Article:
Since the expandable anchoring slips are actuated by rotational movement of the tubular body 10 and the tubing string T, it will be apparent that tubing 6 attached to the tubing T would interfere with normal expansion of slips 20 since the tubing 6 must move rotationally with the tubing. As shown in detail in FIGS. 1-3, a separate conduit 4 is provided with upper and lower conventional attachments 4a and 4b for attachment to upper injection line 6 and lower injection line 40. In the preferred embodiment of this invention, conduit 4 comprises a separate section of flow line of the same type and diameter as that comprising injection line 6 and injection line 40. As shown in FIG. 3, conduit 4 is received within dovetail groove 10b and extends along the exterior of tubular body 10 through upper and lower expanders 12 and 22 and through the encircling anchoring slips 20. Groove 10b is sufficiently deep to permit conduit 4 to be received therein without interference with the threaded connection 10a-12a at the upper expander or with the threaded connection 10c-22c of the lower expander. Thus a path is provided for injection of fluids through the tubing anchor to a subsurface location below the tubing anchor, such as location adjacent the perforation P.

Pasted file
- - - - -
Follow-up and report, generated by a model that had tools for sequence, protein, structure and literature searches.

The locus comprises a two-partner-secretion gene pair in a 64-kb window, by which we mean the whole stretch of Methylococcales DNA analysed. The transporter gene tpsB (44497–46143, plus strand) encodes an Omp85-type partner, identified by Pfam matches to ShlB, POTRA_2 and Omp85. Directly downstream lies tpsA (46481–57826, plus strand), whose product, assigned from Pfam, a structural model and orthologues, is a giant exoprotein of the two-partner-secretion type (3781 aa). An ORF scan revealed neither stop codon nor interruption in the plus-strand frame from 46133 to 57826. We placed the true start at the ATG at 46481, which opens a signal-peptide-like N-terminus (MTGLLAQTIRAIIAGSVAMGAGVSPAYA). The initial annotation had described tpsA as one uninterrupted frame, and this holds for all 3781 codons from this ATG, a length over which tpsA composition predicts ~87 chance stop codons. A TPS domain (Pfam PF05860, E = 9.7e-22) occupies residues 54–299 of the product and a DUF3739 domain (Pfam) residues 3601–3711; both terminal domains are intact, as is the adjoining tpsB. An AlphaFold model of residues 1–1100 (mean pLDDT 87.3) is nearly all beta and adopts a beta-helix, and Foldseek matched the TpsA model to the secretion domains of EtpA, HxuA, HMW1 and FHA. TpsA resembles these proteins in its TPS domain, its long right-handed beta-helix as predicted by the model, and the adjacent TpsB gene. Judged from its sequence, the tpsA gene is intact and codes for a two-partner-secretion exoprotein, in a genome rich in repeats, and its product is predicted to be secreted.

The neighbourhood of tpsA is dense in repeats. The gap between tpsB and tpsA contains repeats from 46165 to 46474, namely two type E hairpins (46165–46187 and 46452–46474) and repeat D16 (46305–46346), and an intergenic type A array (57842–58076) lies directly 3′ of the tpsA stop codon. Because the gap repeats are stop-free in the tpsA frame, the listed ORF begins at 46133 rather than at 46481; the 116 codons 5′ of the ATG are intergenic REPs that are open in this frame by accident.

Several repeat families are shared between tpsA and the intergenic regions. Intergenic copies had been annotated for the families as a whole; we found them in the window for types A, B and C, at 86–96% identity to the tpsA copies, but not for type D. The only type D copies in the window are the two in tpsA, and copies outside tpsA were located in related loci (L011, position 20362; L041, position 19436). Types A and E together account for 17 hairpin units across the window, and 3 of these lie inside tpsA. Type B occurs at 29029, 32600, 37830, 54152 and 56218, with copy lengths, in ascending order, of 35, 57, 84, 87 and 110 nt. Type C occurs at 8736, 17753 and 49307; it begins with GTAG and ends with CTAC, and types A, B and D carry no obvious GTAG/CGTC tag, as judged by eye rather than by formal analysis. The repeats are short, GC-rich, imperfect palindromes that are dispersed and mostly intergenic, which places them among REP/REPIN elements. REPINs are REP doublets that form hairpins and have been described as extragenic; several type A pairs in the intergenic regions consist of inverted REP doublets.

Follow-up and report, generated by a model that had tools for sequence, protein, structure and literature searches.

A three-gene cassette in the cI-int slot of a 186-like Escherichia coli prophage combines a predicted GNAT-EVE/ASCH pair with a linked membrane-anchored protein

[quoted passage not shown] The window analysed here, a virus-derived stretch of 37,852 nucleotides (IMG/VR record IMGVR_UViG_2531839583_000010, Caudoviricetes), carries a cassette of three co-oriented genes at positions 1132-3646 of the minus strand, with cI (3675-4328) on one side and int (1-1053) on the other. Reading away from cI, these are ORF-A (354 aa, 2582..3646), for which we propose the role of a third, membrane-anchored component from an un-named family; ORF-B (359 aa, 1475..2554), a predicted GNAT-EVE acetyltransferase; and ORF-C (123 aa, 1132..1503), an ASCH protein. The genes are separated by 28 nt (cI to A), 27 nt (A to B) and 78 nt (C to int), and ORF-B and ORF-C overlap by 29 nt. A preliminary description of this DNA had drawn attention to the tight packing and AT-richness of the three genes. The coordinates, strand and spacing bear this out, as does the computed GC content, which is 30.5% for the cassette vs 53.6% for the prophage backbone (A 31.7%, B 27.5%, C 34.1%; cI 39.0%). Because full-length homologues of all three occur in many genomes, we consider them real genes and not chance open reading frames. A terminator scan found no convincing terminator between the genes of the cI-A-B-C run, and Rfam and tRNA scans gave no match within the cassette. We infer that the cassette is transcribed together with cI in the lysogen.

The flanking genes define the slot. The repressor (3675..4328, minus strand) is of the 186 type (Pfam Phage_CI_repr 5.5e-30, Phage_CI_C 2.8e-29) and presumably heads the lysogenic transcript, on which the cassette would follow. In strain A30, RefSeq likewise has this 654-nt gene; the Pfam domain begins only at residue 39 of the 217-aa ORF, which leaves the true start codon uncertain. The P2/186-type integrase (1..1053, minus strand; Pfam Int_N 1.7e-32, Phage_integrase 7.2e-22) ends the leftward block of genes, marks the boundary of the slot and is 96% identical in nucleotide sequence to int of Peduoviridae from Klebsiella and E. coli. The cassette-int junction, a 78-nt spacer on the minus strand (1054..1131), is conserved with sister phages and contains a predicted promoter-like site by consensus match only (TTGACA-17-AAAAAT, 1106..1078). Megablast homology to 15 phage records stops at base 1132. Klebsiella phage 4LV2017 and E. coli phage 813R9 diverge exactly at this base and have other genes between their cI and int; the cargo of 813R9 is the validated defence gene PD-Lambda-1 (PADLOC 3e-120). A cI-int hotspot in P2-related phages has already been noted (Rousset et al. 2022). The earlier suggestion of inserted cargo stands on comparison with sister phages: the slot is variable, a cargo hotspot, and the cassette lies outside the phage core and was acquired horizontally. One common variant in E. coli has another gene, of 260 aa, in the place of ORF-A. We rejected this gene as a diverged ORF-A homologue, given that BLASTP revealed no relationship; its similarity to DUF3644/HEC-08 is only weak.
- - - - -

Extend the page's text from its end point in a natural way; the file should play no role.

It will be appreciated by those skilled in the art that the apparatus described herein is not limited to use in a tubing anchor. For example, an apparatus as described herein could also be employed with other well tools employing radially expandable anchoring slips. For example, the apparatus described herein could be employed with a packer employing a radially expandable annular packing element in addition to radially expandable slips. The apparatus described herein could also be employed in a tubing hanger apparatus.
Although the invention has been described in terms of the specified embodiment which is forth in detail, it should be understood that this is by illustration only and that the invention is not necessarily limited thereto, since alternative embodiments and operating techniques will become apparent to those skilled in the art in view of the disclosure. Accordingly, modifications are contemplated which can be made without departing from the spirit of the described invention.